(Closed) Bullmastiff anyone???

posted 9 years ago in Pets
Post # 32
Member
7429 posts
Busy Beekeeper
  • Wedding: October 2009

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@lefeymw: Gotcha. I’m sorry that happened, I actually know of a couple of different breeds that have turned, mostly in old age. Its really sad, but nothing that I would generalize with any breed. I do get what you are saying though.  My dog is older now, and has always been an only dog, so i’m not so sure I would let her stay alone with another dog either. Although, she is amazing around our cat, and has never ever shown any aggression, even when he is lunging at her and chewing on her neck (I swear, he watches lion shows on Animal Planet while we are gone!!!).

Post # 33
Member
4822 posts
Honey bee

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@MrsSl82be: I know a few grumpy old humans too 🙂

We had an old standard poodle growing up and I hated it. It got old and snappy, but again at worst it bit lightly or just bit and it would growl first and let you know it was not happy. My problem with pitbulls is they are great, until they arent

Odd comparison but its along the lines of “I trust my boyfriend/fiance/husband… until they cheat” You swear they wont, but it happens. And unfortunately the outcome of a pitbull “cheating” is much more severe than an old dog getting snappy.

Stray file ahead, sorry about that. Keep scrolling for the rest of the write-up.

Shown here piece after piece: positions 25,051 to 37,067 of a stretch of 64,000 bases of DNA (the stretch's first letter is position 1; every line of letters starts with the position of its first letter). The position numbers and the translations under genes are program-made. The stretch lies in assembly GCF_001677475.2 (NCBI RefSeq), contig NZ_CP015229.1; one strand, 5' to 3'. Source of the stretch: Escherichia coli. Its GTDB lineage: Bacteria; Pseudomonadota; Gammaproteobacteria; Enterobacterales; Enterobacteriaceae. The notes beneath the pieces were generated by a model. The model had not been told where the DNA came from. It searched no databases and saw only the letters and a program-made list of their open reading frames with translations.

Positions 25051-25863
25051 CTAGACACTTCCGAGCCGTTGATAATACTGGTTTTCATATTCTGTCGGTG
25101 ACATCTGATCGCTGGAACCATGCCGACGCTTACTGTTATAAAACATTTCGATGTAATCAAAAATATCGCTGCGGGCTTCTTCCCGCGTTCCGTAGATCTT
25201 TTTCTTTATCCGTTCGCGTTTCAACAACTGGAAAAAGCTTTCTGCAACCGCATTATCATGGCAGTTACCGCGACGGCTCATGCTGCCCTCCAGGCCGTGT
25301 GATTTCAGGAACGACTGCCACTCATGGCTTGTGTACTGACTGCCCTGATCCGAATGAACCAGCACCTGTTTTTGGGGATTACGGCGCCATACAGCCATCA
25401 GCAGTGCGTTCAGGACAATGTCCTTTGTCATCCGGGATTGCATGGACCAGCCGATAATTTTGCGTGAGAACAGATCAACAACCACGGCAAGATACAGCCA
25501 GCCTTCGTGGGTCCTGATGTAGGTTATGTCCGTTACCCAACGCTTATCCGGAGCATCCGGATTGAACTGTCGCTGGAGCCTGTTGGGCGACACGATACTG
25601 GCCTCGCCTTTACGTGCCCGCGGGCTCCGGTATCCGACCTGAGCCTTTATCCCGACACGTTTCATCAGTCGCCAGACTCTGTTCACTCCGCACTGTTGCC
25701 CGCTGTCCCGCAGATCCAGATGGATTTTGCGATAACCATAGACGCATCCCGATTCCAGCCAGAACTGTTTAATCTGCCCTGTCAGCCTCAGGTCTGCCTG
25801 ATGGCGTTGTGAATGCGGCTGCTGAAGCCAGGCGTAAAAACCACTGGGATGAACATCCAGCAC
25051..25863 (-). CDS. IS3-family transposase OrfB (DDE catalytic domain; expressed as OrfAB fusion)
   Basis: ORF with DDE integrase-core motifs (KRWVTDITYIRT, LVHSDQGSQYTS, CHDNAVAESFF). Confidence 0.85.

Post # 34
Member
376 posts
Helper bee
  • Wedding: October 2012

Like I said eariler due to prey drive these dogs MAY not be good with other dogs when they are older. That doesn’t mean that they are bad dogs or that they will “suddenly” turn. There are warnings just most people miss them. And dog aggression does NOT translate to human aggression. Its very very very different. I have an akita. I’ve owned a very dog aggressive akita in the past. Akitas also are a breed that has problems with other animals. However my dog aggressive akita was great with kids of ALL ages. Its just a matter of making sure the dog stays on leash, neighbors don’t let their dogs loose to run up to your dog and in general having control over you dog and not letting it run around and have bad introductions to new animals.

Post # 35
Member
338 posts
Helper bee
  • Wedding: May 2011

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@MrsSl82be: Completely agree 100% with the harness.  Our dog started doing MUCH better on walks once we bought a harness rather than using the collar.  I hated the sound of the coughing/choking when I had to pull my dog when he just had the leash on the collar… broke my heart.  Do the harness!

Post # 36
Member
1202 posts
Bumble bee
  • Wedding: March 2012

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@lefeymw: That’s not fair to say you won’t comment on pits but then post a link like that. That link is garbage. I’m involved in rescue and have worked with MANY pits who have been through hell at the hands of humans and they wouldn’t hurt a fly. Once known as the nanny dog and war heros, pits are amazing dogs. Yes.. they were bred to fight. Other dogs. They were also bred that in the middle of a fight with another dog, a human could get between them and seperate them with their hand with no fear of getting bit. How many breeds can you say the same for?

 

Cocker spaniels bite more people than pits do. Pits just get bad media and uninformed people making websites like that to give them a bad name. Such a misunderstood but WONDERFUL breed.